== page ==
|The smaller one is 10 inches long.|
Here is what I learned:
Luffas are in the same genus as squashes, namely, Curcurbita which also includes cucumbers and melons.
Luffas require a very long growing season. Some sources cite as much as 150 to 200 days for some varieties. However, there are some that are ready in as little as 120 days under optimal growing conditions.
Luffas are edible as any other squash would be up until they get to be about 8 or 9 inches long. Cook and eat as you would zucchini.
Luffas are vigorous growers and will climb just about any support.
|Female Luffa Flower|
Luffas are divas. If the conditions are not just exactly right, then they won't germinate, grow, flower, produce fruit or anything. The seeds I planted last year in early May that finally lead to the flowers and fruits you see on this page took about six weeks to germinate and begin to grow. I despaired of ever having any vines, much less flowers and fruits.
The soil temperature must be 70 F or greater or they just don't do a thing other than pump out stem and leaves. It was nearly August before I had a viable female flower. Yes, like other members of this family, the pollen is produced by one flower type and the ovary by the other.
|Male luffa flowers on top, Tennessee Spinner gourds underneath.|
The vines will be SWARMING with insects. Mostly small, red ants who, it turns out, do most of the pollinating. But mason bees, paper wasps, yellow jackets, honey bees, bumble bees and just about every kind of fly will be all over the flowers or, at least, where the flowers ought to be. The ants are attracted to a sticky sap that oozes from the base of the leaf petioles. The wasps are particularly attracted to the very young fruits. No clue why that is so. Just be careful if you decide to examine your luffas on a sunny, summer afternoon.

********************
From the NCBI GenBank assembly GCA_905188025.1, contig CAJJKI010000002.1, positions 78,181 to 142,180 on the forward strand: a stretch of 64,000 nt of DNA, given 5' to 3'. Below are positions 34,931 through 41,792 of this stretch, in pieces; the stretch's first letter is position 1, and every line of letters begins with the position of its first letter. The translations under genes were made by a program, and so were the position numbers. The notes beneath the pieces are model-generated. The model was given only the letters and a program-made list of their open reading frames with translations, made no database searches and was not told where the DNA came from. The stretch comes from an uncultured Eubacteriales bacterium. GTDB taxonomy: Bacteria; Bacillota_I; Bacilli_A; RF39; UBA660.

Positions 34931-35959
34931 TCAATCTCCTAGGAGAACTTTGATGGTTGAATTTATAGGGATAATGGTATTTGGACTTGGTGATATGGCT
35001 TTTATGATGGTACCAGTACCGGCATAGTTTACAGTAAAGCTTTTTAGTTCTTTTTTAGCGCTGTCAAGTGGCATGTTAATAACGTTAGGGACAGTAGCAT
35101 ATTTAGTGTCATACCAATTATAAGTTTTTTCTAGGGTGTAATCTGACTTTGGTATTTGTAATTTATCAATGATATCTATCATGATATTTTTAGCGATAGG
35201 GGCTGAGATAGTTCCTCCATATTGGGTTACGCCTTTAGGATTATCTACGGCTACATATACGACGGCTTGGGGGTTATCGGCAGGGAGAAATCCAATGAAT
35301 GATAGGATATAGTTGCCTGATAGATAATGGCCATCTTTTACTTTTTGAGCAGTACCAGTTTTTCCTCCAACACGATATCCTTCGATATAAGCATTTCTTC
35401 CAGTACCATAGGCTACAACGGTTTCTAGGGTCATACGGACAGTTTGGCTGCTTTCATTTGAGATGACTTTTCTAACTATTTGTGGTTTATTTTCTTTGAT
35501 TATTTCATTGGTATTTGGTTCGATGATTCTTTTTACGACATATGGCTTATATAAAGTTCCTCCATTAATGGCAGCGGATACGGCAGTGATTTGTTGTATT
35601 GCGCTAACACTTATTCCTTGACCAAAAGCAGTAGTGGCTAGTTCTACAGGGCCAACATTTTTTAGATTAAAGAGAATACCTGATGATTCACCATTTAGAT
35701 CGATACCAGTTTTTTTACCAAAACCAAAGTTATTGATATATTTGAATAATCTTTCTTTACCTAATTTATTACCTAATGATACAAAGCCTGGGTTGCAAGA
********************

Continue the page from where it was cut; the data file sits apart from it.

Once your vine finally begins to set fruit, you will see numerous flowers and fruits pretty much all at once. With any luck, you will have at least 50 days left in your growing season for the fruits to mature before frost kills the vines.
Luffas smell. Some don't mind the smell, but I find it off-putting. It will get on your hands like tomato vine smell does. Fortunately, it washes off a lot easier.
Luffas are indeed vigorous growers. Given the chance, they will climb just about any suitable surface and BLOT OUT THE SUN.
After the first killing frost, pick all the gourds on the vines, except the most recent, and take them inside to dry. In my case, about half of what I harvested was actually ready to be made into sponges.
The gourds are ready when the skin has dried and darkened and the gourds are very lightweight for their size. If you shake the gourds, you should hear the seeds rattling inside. Mine took about four weeks in the dry, forced-air heat of my laundry room to dry out.
It's a fairly straighforward process to remove the husk and rinse the sponge until the water runs clear. It is somewhat less simple to remove the numerous seeds inside the gourd. I got out what I could by firmly smacking the gourd on the inside of a 5-gallon bucket. There are still lots of seeds in my sponges and they don't seem to hurt anything.
In order to save yourself a lot of tense waiting and potential heartache, I recommend the following:
- Do not grow luffas unless you have at least 120 days of growing season. That's 120 days between last average frost in the spring and the first average frost in the fall. My zone 5b garden in central Nebraska barely meets those requirements.
- Before sowing the seeds, soak them in water for 24 hours to help soften the seed coat. Then, nick the seed coat with a pen knife before planting to help the seeds germinate. This is something I did not do last year because I did not do my homework first.
- Make sure the soil is warm enough before you plant. You may want to mulch the soil to help keep the heat in. I am going to try starting some of the seeds indoors on a heat mat before transplanting outside. You never know.
- Provide a suitable support. The gourds are big and heavy. Although I did not have any problems with the vines being too weak to support the weight of the gourds, I could see it becoming a problem with an especially large fruit. You may need to support the fruit with an old nylon stocking or a mesh bag (like those the Cuties come in).
- Sit back and let nature take its course. I tried sweet talking the flowers. I tried hand pollinating the flowers. I tried pleading with and standing watch over my flowers. The silly vine will make fruit when it's darn good and ready and there really isn't anything to be done to hurry the process along as near as I can tell.
Oh, and grow some birdhouse gourds, too. Much, much easier. Trust me.